Adding to the confusion is the Senate bill that was introduced this spring to officially define full time as 40 hours a week (S 701, Forty Hours is Full Time Act of 2013). Since the employer mandate for large businesses to provide health insurance to their employees only applies to full-time employees, the definition of full time is critical to the discussion. While most of the public generally accepts the idea that full time is 40 hours a week (although my nurse friends who work three 12 hour shifts per week most definitely consider their job to be full time…), the ACA is worded so that employees working over 30 hours per week (assuming there are at least 50 total employees) would have to be provided with health insurance in order for the employer to avoid a fine. Senate Bill 701 has received a lot of attention in the media, but Govtrack gives it a 0% chance of being enacted, so it appears that the 30 hour rule in the ACA will likely still be in place when the employer mandate goes into effect in 2015.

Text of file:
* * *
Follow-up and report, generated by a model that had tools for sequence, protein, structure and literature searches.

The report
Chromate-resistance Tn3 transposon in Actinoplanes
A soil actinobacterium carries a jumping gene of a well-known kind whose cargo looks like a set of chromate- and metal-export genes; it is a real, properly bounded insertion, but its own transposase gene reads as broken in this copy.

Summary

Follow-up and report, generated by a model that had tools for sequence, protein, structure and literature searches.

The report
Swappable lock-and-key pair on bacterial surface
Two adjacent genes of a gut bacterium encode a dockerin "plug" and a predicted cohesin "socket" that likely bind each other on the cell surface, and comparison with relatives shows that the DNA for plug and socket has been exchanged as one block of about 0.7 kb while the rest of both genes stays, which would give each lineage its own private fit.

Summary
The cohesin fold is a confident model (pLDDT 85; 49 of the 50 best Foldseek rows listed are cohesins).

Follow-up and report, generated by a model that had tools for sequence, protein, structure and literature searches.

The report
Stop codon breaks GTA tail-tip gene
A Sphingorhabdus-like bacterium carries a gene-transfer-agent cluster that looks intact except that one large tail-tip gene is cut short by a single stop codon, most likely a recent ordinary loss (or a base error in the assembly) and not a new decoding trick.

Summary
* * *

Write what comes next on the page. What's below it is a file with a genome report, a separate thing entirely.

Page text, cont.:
Getting back to the issue of the individual mandate, there are a few points that need to be made. Speaker Boehner’s talking points are designed to appeal to people who aren’t particularly familiar with the details of the law, or with the specifics of how health insurance demographics currently look. His “Hell no, it’s not fair” comment is a rallying cry for people who don’t want to be told that they have to have health insurance, and might not be completely familiar with how much of a subsidy a lot of Americans are likely to get in the exchanges in order to make health insurance more affordable.